The switch-hitting James is also providing some offensive help to the Bakersfield club, going 30-for-92 [.326] with four doubles this season. The 22-year-old was hitting fastballs hard against Visalia––something he had never done in past years––but he still didn't show much discipline, chasing lots of breaking balls in the dirt. In fact, James has only two walks all season [versus 20 strikeouts], and both have come in his last three games.

• Reliever Mark Hamburger has a live arm, and he is putting together a solid campaign at the back end of the Bakersfield bullpen. He generally sits in the low-90s with some life, reaching 94 and 95 mph on occasion.

Hamburger, who has become the team's closer since the departure of Cody Eppley, has five saves and a 2.78 ERA. In 22.1 innings, he has allowed 21 hits while walking seven and striking out 21.

The 6-foot-4 hurler commanded his fastball well in two scoreless innings against Visalia, and he also threw one good-looking changeup.

Hamburger has struggled to get much break on his hard slider this season, but it shows some potential when he gets on top of it. Overall, he'll need to show more consistency with his secondary stuff to have success at the higher levels.

• When former 42nd round pick Shane Zegarac joined the Bakersfield club in late-April, he was only supposed to be filling a spot for a few days. But he quickly pitched his way into a full-time gig with the High-A club.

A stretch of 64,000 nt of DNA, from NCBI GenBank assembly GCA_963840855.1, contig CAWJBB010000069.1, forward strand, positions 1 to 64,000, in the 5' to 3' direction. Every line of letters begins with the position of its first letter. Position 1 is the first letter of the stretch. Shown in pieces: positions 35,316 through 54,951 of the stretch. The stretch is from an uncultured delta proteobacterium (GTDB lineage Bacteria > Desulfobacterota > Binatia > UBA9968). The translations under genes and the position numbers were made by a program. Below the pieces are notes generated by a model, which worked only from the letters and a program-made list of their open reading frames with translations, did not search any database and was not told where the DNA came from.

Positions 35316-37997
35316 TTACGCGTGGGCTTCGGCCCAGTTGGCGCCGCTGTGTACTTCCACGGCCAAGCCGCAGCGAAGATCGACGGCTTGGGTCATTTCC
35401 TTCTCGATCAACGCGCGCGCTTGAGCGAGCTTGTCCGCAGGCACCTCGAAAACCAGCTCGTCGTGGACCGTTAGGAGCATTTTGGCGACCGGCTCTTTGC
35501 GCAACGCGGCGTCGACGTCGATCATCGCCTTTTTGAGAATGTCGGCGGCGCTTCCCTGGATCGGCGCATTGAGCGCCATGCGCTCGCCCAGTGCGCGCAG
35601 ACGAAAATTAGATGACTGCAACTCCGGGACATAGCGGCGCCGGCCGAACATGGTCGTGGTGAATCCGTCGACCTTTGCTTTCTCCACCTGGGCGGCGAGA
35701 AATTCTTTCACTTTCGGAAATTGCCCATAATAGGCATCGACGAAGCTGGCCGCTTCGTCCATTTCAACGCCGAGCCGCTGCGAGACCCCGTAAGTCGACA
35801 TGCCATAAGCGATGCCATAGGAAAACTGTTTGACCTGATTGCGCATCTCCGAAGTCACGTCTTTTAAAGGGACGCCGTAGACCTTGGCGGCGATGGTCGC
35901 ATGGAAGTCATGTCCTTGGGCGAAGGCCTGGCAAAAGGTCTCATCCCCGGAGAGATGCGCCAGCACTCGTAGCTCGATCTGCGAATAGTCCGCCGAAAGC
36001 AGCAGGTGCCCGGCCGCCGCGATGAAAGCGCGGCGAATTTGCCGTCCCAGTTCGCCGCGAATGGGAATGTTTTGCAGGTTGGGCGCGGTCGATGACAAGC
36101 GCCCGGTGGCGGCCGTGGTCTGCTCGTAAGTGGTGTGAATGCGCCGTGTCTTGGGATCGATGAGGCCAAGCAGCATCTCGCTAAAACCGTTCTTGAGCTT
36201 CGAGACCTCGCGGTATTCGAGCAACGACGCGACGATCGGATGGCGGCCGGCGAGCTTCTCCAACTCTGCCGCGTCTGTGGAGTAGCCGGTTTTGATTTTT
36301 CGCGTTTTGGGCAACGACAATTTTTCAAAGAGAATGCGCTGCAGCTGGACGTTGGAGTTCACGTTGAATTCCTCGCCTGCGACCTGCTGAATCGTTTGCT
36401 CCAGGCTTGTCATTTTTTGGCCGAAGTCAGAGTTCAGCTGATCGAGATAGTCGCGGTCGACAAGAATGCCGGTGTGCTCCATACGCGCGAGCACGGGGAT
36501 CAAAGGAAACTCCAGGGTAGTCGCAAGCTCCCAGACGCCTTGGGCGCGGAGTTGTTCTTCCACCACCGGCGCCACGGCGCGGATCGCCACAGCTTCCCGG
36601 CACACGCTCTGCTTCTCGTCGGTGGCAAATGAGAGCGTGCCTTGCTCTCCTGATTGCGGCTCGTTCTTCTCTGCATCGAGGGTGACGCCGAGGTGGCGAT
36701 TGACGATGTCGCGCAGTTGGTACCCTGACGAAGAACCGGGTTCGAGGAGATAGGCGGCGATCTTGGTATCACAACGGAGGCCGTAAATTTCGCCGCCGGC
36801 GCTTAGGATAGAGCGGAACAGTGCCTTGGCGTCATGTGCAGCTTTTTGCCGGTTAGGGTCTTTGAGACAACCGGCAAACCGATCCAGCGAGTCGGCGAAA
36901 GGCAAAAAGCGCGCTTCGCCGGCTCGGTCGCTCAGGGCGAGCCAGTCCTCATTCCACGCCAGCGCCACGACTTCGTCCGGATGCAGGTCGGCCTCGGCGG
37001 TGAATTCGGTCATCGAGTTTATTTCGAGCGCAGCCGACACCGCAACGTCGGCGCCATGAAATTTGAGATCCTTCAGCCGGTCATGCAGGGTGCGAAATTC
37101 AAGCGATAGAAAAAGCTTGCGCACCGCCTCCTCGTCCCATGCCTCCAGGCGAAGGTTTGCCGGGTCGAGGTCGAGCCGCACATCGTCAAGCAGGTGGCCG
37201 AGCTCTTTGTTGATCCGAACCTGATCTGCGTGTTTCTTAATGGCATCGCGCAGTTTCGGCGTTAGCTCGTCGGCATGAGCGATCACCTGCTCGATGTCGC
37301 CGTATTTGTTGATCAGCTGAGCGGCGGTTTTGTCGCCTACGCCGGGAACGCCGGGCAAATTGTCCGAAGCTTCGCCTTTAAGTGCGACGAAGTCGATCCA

Zegarac has a good fastball for a left-handed pitcher, working between 88-91 mph and getting up to 93 on occasion. Fastball command was his issue last season, and while it has improved, he still has problems with it at times.

The 24-year-old tossed two scoreless innings against Visalia, and he has a 2.35 ERA in 15.1 innings with the Blaze.

Andrew Laughter has spend the last couple years at Double-A Frisco, but he joined Bakersfield after beginning the season in Extended Spring Training with a shoulder injury. Laughter lost his 91-95 mph velocity last year, and he began throwing sinkers at 86-88 mph.

During the May 30 contest against the Rawhide, Laughter threw a scoreless inning with improved velocity. The righty had some command issues, but he threw his four-seam fastball between 90-92 mph with a slider at 81-83 mph.

The 6-foot-4 reliever was off to a good start up to that game, but he has had plenty of troubles since. Over his last three appearances, Laughter has surrendered eight runs on eight hits and three walks in just 3.2 innings.